Category: Spirituality and Religion

PS8- #C88 - Spirituality and Cognitive Fusion in Relation to Anxiety and Depression: When Is Spirituality Not Protective?

Saturday, Nov 18
8:30 AM – 9:30 AM
Location: Indigo Ballroom CDGH, Level 2, Indigo Level

Keywords: Spirituality and Religion | Cognitive Processes | Anxiety

Spirituality is an intricate part of the lives of many and has been a component of multiple psychological theories and treatments, including cognitive-behavioral therapy, (Stanley, 2011). Research often demonstrates the protective effect of spirituality against negative mental health outcomes, including negative associations with anxiety (Bush et. al, 2012; Ramos et al., 2014) and depression (Bush et. al, 2012; Luna & MacMillian, 2015).  However, findings have not always been consistent, as several studies have reported null or positive associations between aspects of spirituality and anxiety and depression (Luna & MacMillian, 2015, Abu-Raiya et. al., 2015).  The variability in the literature suggests the need to identify potential moderator variables.  Under what conditions is spirituality associated with positive mental health outcomes and under what conditions is it not?

One potential moderator may be cognitive fusion (CF).  CF is a process by which individuals relate to thoughts as the literal truth and behavior is markedly influenced by these thinking (Hayes et al., 2012).  CF is a component of the psychological flexibility model of psychopathology and a treatment target in Acceptance and Commitment Therapy (ACT; Hayes et al., 2012). Research has shown CF is significantly related to psychological distress, including both anxiety and depression (Bardeen & Fergus, 2016).  With regards to spirituality, it may be that the protective effects of this construct against anxiety and depression weaken under contexts of high fusion.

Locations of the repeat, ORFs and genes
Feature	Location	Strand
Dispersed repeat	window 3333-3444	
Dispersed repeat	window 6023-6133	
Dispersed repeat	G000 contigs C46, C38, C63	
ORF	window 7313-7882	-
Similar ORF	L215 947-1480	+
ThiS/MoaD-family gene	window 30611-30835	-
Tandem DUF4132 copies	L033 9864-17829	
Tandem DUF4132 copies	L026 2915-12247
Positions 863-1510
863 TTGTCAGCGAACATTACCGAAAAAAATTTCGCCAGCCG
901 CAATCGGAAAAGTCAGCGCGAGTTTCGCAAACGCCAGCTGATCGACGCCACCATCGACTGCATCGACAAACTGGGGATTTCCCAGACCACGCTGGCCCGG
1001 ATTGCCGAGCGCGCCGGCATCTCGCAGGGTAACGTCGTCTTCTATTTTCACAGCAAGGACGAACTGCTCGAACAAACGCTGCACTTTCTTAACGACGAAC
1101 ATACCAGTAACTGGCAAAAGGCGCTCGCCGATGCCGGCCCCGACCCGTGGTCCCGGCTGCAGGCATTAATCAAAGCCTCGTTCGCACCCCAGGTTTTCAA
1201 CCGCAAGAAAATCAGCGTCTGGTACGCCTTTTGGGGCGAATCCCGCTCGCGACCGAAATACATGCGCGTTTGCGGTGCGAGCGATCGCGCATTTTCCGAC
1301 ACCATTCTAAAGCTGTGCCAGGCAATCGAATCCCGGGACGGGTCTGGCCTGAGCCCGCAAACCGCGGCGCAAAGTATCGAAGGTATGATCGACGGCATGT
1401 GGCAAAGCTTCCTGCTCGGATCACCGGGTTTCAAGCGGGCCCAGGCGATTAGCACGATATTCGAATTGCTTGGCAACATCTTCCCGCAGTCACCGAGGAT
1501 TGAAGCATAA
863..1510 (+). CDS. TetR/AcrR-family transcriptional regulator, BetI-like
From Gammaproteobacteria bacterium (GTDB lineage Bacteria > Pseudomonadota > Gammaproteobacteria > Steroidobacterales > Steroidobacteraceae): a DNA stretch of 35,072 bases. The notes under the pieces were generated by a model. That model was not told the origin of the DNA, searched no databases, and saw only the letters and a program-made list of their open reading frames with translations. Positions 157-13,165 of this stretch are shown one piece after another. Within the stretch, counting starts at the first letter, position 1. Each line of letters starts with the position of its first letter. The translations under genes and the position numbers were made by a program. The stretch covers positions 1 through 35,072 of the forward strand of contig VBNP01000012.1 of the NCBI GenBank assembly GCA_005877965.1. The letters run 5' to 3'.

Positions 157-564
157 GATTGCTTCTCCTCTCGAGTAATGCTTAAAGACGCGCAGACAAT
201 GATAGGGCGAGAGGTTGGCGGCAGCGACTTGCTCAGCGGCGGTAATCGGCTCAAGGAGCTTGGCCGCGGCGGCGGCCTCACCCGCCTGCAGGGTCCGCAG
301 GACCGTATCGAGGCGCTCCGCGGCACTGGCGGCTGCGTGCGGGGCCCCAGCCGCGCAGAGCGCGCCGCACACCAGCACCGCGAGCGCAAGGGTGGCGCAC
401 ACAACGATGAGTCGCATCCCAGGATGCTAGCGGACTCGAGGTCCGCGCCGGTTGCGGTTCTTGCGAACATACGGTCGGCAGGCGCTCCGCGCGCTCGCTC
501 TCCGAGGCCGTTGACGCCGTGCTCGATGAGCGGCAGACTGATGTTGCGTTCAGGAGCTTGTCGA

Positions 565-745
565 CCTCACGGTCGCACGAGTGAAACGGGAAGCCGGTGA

The purpose of this study was to examine the association between spirituality, CF, anxiety, and depression. We hypothesized that spirituality would be negatively associated with both anxiety and depression, and relationship will be moderated by CF.  Specifically, we expected the link between spirituality and anxiety and depression outcomes would be strengthened under conditions of low to moderate amounts of CF, and attenuated under high CF.  

Two hundred and sixty-two participants were recruited using Amazon’s Mechanical Turk.  Participants were administered the Depression Anxiety Stress Scale (DASS; Lovibond & Lovibond, 1995), the Lindeman Spirituality Scale (LSS; Lindeman et. al., 2012), and the Cognitive Fusion Questionnaire (CFQ; Gillanders et. al., 2014). Multiple regression analyses were conducted preliminarily examine our hypotheses.  Supporting our hypothesis, the overall model explained 39% of the variance in anxiety, with the CFQ-LSS interaction explaining an additional 1% (p < .05).  In contrast, CF did not moderate the relationship between spirituality and depression.  Results will be discussed with regard to the interplay between CF and spirituality in understanding mental health outcomes.

Viktor Nowack

University of Baltimore
Baltimore, Maryland

John J. Donahue

University of Baltimore